The UK BIM strategy paper calls on the industry to capitalise on a “window of opportunity” to take on a global role in exploiting the new technology and assisting in the development of international standards. The paper restates the Government’s commitment to growth of its existing programme, and sets out a range of actions it will take to create opportunities overseas.
According to the paper, the UK’s BIM programme is “currently the most ambitious and advanced centrally driven programme in the world”. However, it warns that the growth of the technology presents “both risk and opportunity”.
“The UK is now recognised by its peers as one of the leading nations in the exploitation of BIM technology and processes with an internationally respected, centrally-led programme,” the strategy document said. “BIM is a key agent for economic growth in both domestic and international markets.”
“Equally, the converse is true. Other countries are rapidly adopting BIM; we need to progress with the adoption of BIM or these markets will begin to close to UK businesses as countries look for home grown expertise or source its skills and capabilities from elsewhere in the world. The threat is at its greatest from dynamic emerging markets, where competition is able to ‘leapfrog’ using innovative technologies and ways of working,” the document said.
A BIM system uses a computer generated model to collect and manage information about the design, construction and operation of a project centrally. It is especially useful where many parties, such as different sub-contractors, provide input on the same project. Any changes to the design of a project made during its construction are automatically applied to the model.
The Government set out its commitment to BIM as part its Construction Strategy, led by the Cabinet Office. The report announced the Government’s intention to require collaborative 3D BIM, with electronic access to all project and asset information, documentation and data, on all its projects by 2016.
The Ministry of Justice (MoJ) was the first Government department to adopt BIM as part of a phased roll-out and is at the most “mature” stage of the current programme, according to the report. Cookham Wood, a new young offenders’ institution valued at £20m, has saved almost £1m due to its use of BIM in the design and procurement phases. Local government, particularly Manchester City Council, is also increasingly seeing the potential for BIM and has reported notable successes.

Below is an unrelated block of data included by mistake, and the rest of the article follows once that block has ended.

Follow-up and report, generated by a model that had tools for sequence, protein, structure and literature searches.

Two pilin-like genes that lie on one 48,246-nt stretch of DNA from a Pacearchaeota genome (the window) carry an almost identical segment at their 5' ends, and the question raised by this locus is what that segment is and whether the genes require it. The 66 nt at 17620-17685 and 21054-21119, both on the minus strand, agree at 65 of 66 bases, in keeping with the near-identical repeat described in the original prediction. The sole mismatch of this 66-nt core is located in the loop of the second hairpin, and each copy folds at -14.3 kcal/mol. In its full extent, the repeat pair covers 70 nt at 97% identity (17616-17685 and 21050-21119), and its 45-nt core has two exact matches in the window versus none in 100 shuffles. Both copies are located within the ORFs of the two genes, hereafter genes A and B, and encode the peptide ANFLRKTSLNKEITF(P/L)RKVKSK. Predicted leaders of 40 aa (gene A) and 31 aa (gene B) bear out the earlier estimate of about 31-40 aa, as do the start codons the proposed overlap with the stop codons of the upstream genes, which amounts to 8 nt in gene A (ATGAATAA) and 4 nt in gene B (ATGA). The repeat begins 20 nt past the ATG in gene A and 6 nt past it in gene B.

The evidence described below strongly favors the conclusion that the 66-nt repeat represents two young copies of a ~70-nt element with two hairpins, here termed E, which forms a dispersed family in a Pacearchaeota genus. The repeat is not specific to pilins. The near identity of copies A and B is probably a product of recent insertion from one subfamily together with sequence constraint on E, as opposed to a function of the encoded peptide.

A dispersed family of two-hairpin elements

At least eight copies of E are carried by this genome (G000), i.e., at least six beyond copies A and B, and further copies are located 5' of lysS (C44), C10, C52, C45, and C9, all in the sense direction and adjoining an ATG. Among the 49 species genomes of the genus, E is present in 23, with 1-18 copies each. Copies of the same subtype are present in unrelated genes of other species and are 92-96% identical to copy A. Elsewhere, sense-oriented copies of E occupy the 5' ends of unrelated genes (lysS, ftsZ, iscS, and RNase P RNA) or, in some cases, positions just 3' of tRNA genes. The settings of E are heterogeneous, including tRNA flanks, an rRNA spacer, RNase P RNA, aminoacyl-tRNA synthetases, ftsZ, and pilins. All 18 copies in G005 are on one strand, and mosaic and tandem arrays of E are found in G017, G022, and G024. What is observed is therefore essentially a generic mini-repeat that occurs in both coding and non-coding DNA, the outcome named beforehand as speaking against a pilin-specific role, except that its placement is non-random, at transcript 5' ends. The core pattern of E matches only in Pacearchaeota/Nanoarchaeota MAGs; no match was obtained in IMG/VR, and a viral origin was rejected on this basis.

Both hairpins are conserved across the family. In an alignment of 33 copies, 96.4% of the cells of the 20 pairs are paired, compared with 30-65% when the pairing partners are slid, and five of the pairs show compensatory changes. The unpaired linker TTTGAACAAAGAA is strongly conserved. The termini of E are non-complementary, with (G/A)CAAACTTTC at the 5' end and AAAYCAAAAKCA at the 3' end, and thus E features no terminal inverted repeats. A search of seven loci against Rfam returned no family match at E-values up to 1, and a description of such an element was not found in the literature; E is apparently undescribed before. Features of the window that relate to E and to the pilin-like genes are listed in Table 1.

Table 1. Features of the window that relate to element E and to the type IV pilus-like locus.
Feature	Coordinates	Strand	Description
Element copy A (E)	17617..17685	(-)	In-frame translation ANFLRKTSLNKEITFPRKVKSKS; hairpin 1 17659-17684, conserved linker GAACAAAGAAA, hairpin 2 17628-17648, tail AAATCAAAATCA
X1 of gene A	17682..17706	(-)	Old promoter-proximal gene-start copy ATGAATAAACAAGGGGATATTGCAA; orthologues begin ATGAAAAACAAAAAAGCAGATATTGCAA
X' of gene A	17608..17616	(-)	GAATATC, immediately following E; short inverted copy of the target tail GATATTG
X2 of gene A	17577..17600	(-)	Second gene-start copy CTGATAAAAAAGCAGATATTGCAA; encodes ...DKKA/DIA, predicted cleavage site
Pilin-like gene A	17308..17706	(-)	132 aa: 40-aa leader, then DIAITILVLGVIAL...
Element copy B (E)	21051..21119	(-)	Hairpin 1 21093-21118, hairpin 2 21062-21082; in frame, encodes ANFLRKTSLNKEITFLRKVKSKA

The Government has identified construction as an ‘enabling sector’ under its BIM strategy, both due to its diversity and its critical role it has to play in ensuring that the UK meets its climate change targets. The construction industry delivered value of around £69 billion to the UK economy in 2010 with additional export value of around £7.6bn, and employs around 2.5 million workers, according to the report.
As part of the strategy, the Government committed to “expanding and accelerating” its BIM action programme. However, it did not indicate whether this involved shortening its timetable or amending its 2016 deadline for universal adoption of BIM on Government projects.
Among the proposals for action set out in the document is the development of a strategy for the exploitation of UK leadership in BIM to the benefit of design and construction firms operating in global markets. It also proposed to engage with the EU on the coordinated adoption of BIM and developing standards and practice. The forthcoming EU Sustainable Construction Strategy has the potential to acknowledge that BIM will enable European construction companies to maintain their presence in global markets, while the European Commission is also reviewing BIM as part of its on-going revision of the EU Procurement Directive, according to the document.
The Government also commits to further work with the industry and trade bodies; to investigate the need for a technology hub to assist information technology (IT) businesses working in the BIM sector and improve the data supplied to manufacturers using BIM to their clients. It will also review existing public sector procurement portals to ensure that these are able to accept digital information.
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